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Thursday, December 03, 2015

McMansions and long term housing appreciation

For years, baby boomers were urged to buy housing. In the long run, it's cheaper than renting, and that was true, and likely is true for most people who are staying in the same place for a long time.

But we also heard housing was a good investment. And, in the current market where I'm at (upscale suburbia), the market is going to toward larger homes, teardowns, what are called McMansions.


Well-heeled buyers have typically gone for larger, new homes. They haven’t typically been the only portion of the market buying new houses—until recently. “The market has shrunk to a level where a very small segment of buyers is driving what the market looks like,” according to Rose Quint, assistant vice president of survey research at the National Association of Home Builders. “Until there’s a more representative sample of buyers [for new houses], they will continue to dominate how the market looks.”
 So, the current market is being driven by wealthier (generally older) buyers, i.e. by baby boomers. But baby boomers are getting older, and sooner or later will want to sell. And, in general, they will want to sell to the generations below them. These generations are smaller (that's why they call it the baby boom) and more saddled with debt and expenses (student loans, rising health care costs, etc.).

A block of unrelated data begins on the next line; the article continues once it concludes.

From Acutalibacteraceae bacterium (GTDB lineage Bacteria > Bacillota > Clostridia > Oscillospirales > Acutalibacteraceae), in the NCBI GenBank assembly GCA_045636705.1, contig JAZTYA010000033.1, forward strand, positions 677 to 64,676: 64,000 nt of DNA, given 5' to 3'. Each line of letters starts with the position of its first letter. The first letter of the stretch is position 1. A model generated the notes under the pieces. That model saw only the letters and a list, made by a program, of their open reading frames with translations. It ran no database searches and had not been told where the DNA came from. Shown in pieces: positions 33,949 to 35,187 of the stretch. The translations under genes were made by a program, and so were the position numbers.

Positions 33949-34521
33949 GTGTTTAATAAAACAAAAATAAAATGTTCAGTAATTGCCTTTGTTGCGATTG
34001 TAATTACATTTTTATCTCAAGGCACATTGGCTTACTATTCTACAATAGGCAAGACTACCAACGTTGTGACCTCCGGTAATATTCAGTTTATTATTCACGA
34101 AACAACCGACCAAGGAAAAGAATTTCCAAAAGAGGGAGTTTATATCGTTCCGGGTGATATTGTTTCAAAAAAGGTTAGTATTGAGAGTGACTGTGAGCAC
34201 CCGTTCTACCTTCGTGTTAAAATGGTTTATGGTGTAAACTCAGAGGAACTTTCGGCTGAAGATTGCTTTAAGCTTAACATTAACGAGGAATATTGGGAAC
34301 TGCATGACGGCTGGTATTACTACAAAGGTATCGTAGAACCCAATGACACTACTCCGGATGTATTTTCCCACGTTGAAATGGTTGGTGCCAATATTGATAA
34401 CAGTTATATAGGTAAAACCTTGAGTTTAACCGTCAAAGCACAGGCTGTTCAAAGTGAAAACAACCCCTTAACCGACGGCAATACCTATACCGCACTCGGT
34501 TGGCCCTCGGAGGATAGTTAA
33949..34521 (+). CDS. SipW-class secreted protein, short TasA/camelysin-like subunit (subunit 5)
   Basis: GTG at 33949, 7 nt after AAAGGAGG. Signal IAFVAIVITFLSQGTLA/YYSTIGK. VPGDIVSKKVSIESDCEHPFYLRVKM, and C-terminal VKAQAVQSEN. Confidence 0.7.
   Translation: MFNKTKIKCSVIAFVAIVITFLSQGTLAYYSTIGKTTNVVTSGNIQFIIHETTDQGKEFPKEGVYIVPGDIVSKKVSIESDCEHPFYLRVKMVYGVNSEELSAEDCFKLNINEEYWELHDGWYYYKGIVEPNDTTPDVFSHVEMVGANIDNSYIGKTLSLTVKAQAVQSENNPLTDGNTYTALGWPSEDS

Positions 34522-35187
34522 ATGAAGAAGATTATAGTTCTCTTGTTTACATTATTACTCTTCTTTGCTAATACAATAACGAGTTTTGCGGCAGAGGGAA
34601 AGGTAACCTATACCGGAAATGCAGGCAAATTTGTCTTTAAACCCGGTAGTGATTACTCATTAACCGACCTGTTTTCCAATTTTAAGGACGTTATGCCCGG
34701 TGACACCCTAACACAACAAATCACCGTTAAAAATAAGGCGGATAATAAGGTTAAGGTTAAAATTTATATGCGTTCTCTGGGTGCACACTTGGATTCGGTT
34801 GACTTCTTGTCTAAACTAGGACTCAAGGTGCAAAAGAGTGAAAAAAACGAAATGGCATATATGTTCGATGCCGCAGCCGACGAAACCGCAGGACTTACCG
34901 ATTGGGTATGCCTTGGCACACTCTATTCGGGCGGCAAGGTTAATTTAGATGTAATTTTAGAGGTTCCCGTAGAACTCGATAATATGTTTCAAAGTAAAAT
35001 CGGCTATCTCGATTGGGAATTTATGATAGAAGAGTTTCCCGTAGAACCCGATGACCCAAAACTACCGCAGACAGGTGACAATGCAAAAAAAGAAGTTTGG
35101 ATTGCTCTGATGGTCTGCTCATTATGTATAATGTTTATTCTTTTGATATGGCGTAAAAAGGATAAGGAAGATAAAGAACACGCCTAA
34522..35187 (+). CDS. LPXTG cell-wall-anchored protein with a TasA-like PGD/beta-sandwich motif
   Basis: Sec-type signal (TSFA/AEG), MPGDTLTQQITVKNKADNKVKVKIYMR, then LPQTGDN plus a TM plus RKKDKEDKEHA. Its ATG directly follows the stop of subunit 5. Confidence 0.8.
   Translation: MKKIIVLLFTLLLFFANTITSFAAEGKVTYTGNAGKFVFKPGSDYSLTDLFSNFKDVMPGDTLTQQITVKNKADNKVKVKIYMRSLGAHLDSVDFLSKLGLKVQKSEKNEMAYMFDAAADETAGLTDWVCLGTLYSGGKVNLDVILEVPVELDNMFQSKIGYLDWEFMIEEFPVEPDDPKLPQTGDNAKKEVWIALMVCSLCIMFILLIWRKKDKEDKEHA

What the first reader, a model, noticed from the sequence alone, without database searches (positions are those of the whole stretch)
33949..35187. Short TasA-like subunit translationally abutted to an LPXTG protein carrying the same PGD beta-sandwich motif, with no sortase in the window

So baby boomers will be able to sell, but there will be more sellers than buyers and the buyers may have less money they can / want to spend on housing. That means prices will be depressed. This is similar to any situation in which there are more sellers than buyers.

This same situation is likely  to occur with stocks.
 When people retire, their income drops much more sharply than their consumption. As a result, they stop saving and start drawing down the assets they’ve acquired during their high-saving years. That could start to put upward pressure on interest rates and downward pressure on stock prices.
But each market is different. Stocks are really an investment decision. If I buy an index fund, I don't really know much about the individual stocks. I just want to try to get a return. And stocks are an international market, so anyone in the world can buy Procter and Gamble stock.

Housing sits in one location, and is subject to taste. What I want out of a house is different than what my children or grandchildren want. So that big suburban McMansion may be out of fashion in 20 years.

So it's best to think of housing as a consumption good.  If you want a big house to enjoy now, enjoy it.  But it's not likely to be a great investment over the long haul. You may not care if that's your heirs problem.

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